Photo credit Paulo Santos

Another way of expressing encaminhamento is that SATA's fares to (and from) Lisbon are now the same from all islands in the Azores. And this applies whether you're a resident or a tourist: the only qualification for your free flight to, say, Flores, is that you spend less than 24 hours on the island where you initially landed from the continent.

And crucially, it's not just SATA's fares that have been equalised: you get your free onward ticket to Flores (or wherever) on SATA even if you arrived from the continent on easyJet or Ryanair!

Corvo Airport - photo credit Markus Mainka

Will we actually benefit from the advent of the low cost airlines and encaminhamento?

I'm awfae' cynical (can you believe that?) and find it hard to believe you ever get anything for nothing. Are Ryanair and easyJet actually any cheaper? In our experience of flying to the UK from Lisbon, TAP or British Airways can often be equally competitive with Easy/Ryan once frequency and timing of available flights are considered.

And within the Azores, unless the Azorean Government (which is devolved (autonomous) within Portugal like Scotland in the UK) has upped SATA's subsidy, presumably the prices of flights from PDL to LIS have had to increase to pay for the now free flights from FLW (et al) to PDL, to the detriment of those who already live in PDL. Bear in mind that the population of the six Azorean islands which don't have direct flights to Lisbon is only 15% of the total so perhaps the marginal increase to give that 15% a boon is hardly noticeable to the 85%.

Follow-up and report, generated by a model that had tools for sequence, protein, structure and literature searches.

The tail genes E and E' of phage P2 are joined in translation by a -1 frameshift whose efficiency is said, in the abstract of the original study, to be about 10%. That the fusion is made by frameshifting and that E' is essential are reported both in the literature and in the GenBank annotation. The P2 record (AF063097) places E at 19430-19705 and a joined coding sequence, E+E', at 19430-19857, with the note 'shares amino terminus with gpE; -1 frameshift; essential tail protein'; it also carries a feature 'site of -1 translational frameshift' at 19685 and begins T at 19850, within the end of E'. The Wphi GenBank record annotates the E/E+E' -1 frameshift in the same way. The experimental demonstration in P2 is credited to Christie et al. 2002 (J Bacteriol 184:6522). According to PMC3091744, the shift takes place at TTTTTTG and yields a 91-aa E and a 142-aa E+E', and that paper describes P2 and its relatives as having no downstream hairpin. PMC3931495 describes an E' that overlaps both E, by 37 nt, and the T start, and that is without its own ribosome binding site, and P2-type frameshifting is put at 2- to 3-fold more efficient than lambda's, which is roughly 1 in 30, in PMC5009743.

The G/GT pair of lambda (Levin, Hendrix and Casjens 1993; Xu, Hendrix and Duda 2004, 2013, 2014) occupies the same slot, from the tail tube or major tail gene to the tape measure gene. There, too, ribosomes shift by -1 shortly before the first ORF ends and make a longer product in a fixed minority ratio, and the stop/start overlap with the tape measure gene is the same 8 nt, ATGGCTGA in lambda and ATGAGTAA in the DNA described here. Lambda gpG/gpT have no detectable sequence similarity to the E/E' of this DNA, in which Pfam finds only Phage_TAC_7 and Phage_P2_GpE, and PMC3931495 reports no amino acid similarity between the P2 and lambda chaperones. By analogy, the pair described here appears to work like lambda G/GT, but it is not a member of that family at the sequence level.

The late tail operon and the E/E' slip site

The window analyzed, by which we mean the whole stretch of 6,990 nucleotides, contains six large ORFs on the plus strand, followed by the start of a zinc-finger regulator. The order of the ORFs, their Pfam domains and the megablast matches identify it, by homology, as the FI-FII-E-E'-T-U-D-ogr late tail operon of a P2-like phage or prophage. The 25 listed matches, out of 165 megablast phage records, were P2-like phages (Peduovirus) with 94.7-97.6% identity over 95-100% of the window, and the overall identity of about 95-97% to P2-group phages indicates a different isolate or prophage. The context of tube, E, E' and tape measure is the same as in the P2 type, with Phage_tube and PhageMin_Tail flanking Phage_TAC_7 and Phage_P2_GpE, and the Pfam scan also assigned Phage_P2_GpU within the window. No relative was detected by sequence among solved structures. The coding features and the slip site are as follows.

SATA is wholly owned by the Azorean Government and only exists with public subsidy to maintain "lifeline" links to remote islands. In this, SATA is identical to Caledonian MacBrayne, the state owned shipping company which serves the islands off the west coast of Scotland.

Photo credit - Finlay Oman
The Scottish islands differ from the Azores in that, being closer to the mainland, a far greater percentage of passengers (and their cars) travel on the ro-ro ferries which also carry the cargo. And although everyone loves to hate Calmac, the very mention of privatisation or even allowing a private sector competitor on to the scene brings down a shit-storm of abuse.